Pubdate: Tue, 07 Mar 2006
Source: Daily Review, The (Hayward, CA)
Copyright: 2006 NG Newspapers
Author: Eric Bailey, Los Angeles Times
Cited: Steve Kubby
Bookmark: (Kubby, Steve)
Bookmark: (Cannabis - Medicinal)


SACRAMENTO -- Steve Kubby, a California medical marijuana pioneer who
was forced to return from Canada earlier this year and was thrown into
jail, earned his freedom Monday after serving a third of the
four-month sentence his doctor predicted might kill him.

Placer County jail officials said Kubby's release after 40 days behind
bars came because of his good behavior in custody and their need to
reduce crowding under a federal court order.

Kubby has spent the last six years vociferously fighting Placer County
authorities over his conviction for possession of a peyote button and
a psychedelic mushroom. But his early release underscored a sudden
shift in his once bitter attitude toward law enforcement

In jail, Kubby lost 25 pounds, yet said he gained respect for his
jailers and the medical staff who tended to the rare, and typically
terminal, form of adrenal cancer he has been treating with marijuana
for three decades.

"I realized the taunting and skepticism about my condition that I
experienced when I was first jailed here in 1999 was not present with
any of the jail staff this time," said Kubby, a one-time Libertarian
gubernatorial candidate and early backer of California's watershed
1996 medical marijuana initiative. "I realized that these guys were
getting heat over me, and they didn't deserve it."

The first days of his incarceration were marked by loud criticism of
Placer County officials by medical marijuana activists worried that
Kubby might die in jail without access to marijuana. His blood
pressure, normally 120 over 80, jumped to 170 over 120 and blood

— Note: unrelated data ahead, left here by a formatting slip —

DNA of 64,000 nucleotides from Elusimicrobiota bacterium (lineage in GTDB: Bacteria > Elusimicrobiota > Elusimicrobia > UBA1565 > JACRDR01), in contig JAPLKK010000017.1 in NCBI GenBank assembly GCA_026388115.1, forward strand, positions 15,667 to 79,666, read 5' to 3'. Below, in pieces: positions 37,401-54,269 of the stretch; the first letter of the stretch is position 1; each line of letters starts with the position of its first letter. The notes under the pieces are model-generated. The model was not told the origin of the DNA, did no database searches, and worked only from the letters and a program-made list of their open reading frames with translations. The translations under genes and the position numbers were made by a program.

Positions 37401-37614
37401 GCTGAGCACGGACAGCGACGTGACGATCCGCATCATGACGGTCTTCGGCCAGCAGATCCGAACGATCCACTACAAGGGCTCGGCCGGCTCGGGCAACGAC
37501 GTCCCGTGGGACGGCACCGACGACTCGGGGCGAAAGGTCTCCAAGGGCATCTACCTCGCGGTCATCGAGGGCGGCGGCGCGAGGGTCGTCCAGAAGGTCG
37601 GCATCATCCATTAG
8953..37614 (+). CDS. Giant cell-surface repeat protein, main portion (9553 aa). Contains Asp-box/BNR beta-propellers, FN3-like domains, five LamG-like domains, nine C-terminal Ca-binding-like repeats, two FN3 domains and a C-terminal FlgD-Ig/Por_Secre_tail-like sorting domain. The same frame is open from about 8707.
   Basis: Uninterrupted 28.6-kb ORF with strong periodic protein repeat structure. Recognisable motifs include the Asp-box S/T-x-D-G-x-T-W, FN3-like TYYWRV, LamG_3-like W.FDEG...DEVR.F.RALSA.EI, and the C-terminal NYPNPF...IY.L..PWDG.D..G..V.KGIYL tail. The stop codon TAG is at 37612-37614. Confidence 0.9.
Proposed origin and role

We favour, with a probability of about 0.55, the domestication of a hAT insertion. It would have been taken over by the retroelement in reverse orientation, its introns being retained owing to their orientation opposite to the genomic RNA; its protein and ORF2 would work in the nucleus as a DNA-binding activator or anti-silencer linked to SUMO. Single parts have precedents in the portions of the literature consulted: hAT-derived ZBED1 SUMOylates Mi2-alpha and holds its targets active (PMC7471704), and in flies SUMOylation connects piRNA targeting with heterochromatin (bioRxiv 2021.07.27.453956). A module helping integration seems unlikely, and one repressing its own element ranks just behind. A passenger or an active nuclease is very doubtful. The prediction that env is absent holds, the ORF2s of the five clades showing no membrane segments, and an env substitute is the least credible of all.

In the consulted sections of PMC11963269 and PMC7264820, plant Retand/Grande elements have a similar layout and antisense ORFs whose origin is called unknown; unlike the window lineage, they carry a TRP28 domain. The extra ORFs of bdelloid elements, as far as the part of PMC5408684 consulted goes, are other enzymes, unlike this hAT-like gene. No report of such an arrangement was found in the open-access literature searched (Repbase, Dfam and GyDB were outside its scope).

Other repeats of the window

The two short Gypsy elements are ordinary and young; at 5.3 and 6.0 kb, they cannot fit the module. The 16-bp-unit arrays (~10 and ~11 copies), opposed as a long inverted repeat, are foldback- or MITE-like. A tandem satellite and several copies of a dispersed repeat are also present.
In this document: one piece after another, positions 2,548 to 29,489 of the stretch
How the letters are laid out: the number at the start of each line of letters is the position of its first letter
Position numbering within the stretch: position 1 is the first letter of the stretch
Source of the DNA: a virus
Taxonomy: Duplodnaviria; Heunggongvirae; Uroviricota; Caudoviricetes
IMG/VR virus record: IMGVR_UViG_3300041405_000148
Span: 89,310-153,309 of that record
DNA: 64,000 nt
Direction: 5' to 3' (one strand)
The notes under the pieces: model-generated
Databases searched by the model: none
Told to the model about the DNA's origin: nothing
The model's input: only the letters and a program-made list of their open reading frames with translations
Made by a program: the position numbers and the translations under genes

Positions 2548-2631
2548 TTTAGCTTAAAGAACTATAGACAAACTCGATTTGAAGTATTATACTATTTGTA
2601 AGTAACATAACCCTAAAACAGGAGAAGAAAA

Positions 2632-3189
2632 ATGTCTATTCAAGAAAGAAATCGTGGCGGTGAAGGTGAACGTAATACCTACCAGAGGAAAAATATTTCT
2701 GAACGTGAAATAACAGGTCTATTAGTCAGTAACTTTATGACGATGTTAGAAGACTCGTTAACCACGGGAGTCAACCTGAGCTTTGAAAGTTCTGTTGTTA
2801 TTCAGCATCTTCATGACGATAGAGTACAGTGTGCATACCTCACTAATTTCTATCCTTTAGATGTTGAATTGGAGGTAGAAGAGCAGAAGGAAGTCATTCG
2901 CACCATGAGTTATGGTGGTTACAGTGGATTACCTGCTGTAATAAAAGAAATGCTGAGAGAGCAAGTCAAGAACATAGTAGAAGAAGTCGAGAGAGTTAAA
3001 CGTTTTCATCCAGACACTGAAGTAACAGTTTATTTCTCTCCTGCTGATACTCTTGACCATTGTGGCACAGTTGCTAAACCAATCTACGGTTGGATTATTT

appeared in his urine.

But soon after he arrived in Placer County jail, Kubby started

Marinol -- a legal synthetic form of marijuana's psychoactive THC -- to
thwart blood-pressure spikes that his doctors say can turn lethal.

His condition stabilized, and Kubby wrote to his jailers and the
medical staff apologizing for negative publicity during the first days
of his incarceration. In the letter, Kubby said he had "developed a
profound respect for the professional and highly dedicated staff and
officers here."

Kubby's travails date back to the weeks right after his failed run for
governor in November 1998. Spurred by a tip that Kubby had been
selling marijuana to finance his gubernatorial campaign, a drug
enforcement task force raided his home near the Squaw Valley ski area.

Kubby beat the marijuana sales charges after his attorneys argued his
265-plant basement garden was necessary to produce the abundant
cannabis crop he needed to control the cancer.

But the jury convicted Kubby on two counts of possessing a psychedelic
mushroom and a single peyote button.

Before his sentencing in 2001, Kubby moved to Canada with his wife and
two young children. Kubby failed to win a bid to become a political
refugee and he flew back to California on Jan. 26 and was whisked off
the jet by police at San Francisco International Airport.

Although a free man Monday, Kubby still faces a March 14 hearing for
failing to appear at his original sentencing five years ago.
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